Most fans of these films are fairly vocal in their declaration of Iron Man as the best of the bunch so far. What these people don’t seem to remember is that Iron Man, after a fantastic opening third or so, became bogged down in clichés and boring predictability. There were bright spots here and there, but if it wasn’t for Tony Stark revealing his identity as Iron Man to the world in the closing moments, the film would not have been as well-received.
At least not at my house.
I thought Iron Man 2 was a better production all-around, and until the release of Captain America this weekend, was the film to beat. Incredible Hulk was a solid little piece of work, if you ask me, and Thor was about on par with Iron Man. In fact, I’d say that all of these films are at the pinnacle of contemporary superhero film, with Batman Returns, Blade, Blade II, X2, and X-Men: First Class rounding out the list.
(I thought all of the Spider-Man films were cartoonish and silly. And I found Batman Begins and The Dark Knight to be tedious and bordering on self-parody at times in their attempts to take themselves seriously. And don’t go talking box-office as proof of their creative superiority. That just proves what a wide net they cast in their approach to telling their stories.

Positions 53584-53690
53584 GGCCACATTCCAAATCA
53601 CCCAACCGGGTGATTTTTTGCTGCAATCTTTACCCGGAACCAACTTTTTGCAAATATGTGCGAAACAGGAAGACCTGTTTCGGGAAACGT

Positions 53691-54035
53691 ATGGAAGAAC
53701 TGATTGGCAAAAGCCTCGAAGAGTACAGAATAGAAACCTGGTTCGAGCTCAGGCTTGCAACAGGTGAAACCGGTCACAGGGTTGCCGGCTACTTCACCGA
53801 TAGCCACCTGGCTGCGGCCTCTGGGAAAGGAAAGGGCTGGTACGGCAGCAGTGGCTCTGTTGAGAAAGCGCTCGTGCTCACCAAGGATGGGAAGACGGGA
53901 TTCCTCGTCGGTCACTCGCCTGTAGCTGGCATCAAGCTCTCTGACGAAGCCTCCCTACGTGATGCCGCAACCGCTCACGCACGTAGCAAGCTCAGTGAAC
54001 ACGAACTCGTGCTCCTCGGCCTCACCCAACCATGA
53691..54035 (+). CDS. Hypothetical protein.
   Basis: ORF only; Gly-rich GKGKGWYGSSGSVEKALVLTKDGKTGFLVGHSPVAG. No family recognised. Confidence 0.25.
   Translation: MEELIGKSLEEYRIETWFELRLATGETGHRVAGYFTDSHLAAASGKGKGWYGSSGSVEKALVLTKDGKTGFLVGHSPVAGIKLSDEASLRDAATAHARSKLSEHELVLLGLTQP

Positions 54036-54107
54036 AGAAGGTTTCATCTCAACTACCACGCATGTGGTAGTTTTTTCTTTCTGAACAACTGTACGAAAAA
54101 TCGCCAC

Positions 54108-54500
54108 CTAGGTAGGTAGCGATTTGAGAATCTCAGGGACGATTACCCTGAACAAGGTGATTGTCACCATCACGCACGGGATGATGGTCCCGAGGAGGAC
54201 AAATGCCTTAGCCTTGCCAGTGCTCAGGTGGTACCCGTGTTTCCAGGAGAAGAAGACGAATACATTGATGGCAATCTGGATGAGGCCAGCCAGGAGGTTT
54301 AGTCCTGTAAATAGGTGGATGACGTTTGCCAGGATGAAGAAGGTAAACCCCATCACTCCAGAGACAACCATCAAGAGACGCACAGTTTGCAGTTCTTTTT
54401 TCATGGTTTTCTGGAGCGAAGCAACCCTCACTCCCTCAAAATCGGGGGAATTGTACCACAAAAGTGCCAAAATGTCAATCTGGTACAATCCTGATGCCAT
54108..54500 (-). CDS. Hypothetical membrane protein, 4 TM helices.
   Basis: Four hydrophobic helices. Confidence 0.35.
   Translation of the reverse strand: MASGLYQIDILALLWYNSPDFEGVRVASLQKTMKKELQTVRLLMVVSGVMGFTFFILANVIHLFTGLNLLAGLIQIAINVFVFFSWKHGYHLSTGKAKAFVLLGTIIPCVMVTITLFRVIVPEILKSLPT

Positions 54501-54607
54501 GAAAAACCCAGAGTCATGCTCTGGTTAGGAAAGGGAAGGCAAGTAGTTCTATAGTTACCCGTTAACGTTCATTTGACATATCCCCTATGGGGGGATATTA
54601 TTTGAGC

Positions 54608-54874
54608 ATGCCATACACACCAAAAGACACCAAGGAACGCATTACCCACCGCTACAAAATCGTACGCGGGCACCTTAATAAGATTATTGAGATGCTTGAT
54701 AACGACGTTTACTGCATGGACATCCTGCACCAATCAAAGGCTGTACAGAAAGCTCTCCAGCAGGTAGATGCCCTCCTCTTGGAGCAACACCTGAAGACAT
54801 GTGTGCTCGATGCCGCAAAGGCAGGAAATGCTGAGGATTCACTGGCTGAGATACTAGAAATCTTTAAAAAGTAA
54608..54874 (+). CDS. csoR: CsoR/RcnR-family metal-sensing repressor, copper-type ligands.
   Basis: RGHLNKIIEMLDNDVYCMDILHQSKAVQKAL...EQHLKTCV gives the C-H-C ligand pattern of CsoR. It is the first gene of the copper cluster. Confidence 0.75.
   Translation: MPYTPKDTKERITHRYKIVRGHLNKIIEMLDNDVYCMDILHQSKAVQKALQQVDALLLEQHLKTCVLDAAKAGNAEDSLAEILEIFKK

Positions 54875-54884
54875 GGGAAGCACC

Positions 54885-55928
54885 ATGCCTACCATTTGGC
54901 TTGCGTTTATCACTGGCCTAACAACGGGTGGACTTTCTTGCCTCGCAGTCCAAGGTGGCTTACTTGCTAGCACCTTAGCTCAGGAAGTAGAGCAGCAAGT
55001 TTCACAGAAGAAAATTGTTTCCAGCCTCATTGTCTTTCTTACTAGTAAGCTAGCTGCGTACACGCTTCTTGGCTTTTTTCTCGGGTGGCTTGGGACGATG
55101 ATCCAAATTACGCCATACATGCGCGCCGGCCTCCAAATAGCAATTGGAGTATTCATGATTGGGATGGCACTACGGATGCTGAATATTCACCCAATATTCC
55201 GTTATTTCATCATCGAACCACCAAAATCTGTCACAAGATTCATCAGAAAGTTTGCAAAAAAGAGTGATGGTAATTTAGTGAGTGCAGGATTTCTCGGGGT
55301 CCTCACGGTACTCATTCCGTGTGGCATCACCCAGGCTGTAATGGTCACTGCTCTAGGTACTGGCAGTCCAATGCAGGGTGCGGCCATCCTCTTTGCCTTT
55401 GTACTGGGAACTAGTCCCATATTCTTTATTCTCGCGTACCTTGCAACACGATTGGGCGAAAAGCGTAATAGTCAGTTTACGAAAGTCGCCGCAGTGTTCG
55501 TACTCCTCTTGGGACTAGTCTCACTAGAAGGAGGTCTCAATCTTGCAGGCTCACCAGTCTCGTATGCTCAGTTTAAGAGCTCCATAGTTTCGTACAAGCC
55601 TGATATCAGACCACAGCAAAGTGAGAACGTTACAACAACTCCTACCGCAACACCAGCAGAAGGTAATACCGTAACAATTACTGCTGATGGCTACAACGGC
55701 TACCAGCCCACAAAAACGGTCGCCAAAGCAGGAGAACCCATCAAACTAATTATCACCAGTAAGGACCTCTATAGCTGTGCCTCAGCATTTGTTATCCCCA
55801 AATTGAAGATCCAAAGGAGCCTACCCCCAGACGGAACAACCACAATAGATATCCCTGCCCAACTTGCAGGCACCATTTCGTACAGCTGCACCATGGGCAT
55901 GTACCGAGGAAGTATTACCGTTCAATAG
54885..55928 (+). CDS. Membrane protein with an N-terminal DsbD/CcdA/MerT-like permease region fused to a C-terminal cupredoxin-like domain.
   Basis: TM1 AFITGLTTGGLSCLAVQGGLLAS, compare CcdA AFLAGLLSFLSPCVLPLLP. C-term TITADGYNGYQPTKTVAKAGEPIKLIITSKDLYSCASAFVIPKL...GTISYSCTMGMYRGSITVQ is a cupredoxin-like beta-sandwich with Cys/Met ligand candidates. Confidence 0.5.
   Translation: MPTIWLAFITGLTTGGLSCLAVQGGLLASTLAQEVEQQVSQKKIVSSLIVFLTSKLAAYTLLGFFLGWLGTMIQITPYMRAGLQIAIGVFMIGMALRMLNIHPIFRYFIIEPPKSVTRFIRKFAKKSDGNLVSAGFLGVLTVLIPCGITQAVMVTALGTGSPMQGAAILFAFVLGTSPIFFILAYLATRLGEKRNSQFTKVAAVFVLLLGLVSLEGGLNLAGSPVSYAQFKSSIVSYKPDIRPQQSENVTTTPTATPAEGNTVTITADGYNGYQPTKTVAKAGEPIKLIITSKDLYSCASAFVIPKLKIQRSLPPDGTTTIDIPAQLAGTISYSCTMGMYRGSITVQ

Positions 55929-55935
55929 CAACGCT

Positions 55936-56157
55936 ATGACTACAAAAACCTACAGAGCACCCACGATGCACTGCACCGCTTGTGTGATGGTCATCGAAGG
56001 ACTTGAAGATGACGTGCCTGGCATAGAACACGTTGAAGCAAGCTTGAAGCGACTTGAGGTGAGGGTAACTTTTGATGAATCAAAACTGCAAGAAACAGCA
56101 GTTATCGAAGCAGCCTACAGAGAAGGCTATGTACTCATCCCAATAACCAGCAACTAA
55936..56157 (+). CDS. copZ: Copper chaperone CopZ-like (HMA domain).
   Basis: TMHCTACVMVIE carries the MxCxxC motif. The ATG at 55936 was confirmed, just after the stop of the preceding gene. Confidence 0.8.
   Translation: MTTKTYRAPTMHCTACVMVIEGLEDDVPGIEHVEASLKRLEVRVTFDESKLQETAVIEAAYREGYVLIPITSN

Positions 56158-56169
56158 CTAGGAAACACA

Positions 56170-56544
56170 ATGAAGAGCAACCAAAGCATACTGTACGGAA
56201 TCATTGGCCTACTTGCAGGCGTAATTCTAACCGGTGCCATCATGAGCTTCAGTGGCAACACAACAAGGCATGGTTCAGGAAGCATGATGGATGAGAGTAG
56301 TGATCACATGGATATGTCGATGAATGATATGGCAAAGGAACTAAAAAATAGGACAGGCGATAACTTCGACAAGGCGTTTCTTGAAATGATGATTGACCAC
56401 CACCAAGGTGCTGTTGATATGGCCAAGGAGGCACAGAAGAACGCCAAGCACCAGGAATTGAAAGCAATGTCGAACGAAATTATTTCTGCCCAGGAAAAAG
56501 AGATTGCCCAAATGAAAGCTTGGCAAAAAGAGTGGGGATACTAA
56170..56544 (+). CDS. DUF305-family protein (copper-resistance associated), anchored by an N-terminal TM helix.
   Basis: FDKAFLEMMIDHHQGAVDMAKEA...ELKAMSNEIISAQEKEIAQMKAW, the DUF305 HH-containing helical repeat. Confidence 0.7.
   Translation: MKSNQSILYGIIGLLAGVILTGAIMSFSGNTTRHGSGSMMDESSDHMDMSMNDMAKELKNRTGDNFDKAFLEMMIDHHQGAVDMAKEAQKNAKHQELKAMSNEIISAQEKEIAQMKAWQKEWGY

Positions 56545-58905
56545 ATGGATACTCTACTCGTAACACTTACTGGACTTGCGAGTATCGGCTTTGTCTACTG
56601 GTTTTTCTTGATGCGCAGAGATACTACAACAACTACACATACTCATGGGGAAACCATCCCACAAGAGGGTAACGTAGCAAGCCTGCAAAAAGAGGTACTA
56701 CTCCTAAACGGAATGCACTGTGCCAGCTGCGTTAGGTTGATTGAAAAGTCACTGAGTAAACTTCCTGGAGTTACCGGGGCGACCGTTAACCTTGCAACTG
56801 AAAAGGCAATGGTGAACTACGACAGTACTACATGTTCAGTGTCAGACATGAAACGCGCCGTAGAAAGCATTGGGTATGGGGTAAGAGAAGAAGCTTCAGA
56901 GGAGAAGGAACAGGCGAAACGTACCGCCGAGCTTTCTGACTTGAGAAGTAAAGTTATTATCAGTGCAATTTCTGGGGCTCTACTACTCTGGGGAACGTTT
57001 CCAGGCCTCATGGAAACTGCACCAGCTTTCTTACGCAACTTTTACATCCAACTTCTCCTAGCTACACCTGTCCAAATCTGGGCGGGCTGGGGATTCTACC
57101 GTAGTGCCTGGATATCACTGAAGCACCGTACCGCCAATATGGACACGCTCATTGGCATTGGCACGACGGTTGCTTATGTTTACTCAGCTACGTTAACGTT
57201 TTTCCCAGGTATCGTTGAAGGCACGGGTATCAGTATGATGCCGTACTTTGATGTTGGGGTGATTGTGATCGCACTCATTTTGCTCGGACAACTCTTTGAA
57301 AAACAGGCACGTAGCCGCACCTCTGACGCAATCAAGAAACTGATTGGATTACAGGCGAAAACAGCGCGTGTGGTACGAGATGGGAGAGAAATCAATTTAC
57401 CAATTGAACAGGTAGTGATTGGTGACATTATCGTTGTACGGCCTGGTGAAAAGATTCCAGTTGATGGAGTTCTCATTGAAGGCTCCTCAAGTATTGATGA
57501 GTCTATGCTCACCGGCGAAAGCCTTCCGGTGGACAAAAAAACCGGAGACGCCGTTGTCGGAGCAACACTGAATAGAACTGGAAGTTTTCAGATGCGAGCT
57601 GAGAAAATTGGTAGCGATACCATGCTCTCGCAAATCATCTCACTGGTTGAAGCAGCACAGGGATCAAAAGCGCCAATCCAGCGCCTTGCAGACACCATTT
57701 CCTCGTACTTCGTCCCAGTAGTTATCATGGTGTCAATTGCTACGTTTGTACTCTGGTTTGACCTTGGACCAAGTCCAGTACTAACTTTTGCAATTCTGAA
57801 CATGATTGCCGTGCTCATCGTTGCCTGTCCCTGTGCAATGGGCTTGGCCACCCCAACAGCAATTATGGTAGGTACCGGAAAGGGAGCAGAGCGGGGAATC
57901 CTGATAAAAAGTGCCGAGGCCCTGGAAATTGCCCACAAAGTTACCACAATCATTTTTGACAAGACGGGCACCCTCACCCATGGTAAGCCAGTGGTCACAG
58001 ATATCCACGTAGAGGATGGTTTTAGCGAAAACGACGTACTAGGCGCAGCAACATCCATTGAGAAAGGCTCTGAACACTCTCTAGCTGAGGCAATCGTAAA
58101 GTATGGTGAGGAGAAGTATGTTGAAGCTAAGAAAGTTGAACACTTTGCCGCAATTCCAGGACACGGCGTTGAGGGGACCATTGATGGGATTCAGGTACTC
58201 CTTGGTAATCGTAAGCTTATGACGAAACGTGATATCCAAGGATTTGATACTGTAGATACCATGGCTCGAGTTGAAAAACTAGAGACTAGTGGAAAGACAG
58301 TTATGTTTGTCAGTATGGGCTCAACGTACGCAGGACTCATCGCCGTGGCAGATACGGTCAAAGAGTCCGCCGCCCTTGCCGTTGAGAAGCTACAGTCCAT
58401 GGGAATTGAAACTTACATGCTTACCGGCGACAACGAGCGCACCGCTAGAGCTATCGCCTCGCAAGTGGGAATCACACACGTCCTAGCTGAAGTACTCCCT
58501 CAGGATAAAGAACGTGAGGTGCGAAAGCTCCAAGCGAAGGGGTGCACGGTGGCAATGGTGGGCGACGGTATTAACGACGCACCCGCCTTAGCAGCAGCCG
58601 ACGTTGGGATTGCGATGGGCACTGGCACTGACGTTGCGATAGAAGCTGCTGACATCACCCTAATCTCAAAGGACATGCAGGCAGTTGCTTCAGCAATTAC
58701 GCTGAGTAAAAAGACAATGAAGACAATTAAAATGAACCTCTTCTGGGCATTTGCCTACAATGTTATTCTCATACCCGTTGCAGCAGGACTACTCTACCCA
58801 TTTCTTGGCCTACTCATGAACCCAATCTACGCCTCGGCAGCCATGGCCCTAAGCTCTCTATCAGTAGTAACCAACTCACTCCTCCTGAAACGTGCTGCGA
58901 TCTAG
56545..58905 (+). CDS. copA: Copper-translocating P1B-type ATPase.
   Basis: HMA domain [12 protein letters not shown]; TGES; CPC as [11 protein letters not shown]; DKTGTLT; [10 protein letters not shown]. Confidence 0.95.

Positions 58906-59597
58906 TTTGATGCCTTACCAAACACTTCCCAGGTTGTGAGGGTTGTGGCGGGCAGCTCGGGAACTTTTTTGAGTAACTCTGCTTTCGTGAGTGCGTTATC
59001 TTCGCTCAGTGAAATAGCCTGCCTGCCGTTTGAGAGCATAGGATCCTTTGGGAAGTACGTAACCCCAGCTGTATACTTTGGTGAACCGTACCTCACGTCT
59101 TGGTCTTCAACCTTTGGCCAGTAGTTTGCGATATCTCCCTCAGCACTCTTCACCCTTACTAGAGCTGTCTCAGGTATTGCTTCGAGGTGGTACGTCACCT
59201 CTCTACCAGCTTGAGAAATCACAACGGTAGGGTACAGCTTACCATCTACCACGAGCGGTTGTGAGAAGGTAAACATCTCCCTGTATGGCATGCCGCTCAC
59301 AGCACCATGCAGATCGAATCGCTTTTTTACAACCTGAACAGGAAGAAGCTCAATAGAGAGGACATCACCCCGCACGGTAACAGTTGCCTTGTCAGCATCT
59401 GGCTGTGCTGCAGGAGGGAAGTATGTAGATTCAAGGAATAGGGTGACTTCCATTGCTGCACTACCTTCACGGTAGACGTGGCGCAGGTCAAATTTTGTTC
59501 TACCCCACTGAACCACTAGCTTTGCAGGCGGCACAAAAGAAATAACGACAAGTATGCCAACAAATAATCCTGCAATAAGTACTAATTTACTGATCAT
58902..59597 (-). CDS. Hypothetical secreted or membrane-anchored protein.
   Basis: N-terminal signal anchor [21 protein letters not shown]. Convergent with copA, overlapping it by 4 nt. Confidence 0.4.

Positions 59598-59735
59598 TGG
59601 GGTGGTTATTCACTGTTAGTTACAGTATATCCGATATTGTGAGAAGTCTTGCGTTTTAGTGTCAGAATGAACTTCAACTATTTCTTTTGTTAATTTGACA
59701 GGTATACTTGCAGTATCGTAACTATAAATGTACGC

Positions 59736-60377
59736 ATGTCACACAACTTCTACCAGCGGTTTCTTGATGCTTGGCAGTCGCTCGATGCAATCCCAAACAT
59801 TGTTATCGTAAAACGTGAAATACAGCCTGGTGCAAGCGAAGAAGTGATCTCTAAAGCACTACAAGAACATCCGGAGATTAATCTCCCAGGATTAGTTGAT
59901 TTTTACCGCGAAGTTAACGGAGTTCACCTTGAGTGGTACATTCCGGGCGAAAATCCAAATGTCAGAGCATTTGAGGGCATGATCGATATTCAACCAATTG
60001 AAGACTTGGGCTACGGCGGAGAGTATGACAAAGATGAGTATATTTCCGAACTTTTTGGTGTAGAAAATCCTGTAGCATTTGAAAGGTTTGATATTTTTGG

I’m mentioning the Marvel Studios grosses to make a point about their constancy and relative success, not as an example of their high quality. These things are relatively cheap to make, and practically ensure a profit.)
That’s a bold statement, but there’s no hyperbole behind it. Them’s just the cold, hard facts.
I won’t bore you with a recap of the story. If you’re on this site, reading this review, you already know what this film is about. The only thing you may not know is that the movie is framed with contemporary sequences that lock Captain America right into the heart of the Marvel Movie Universe.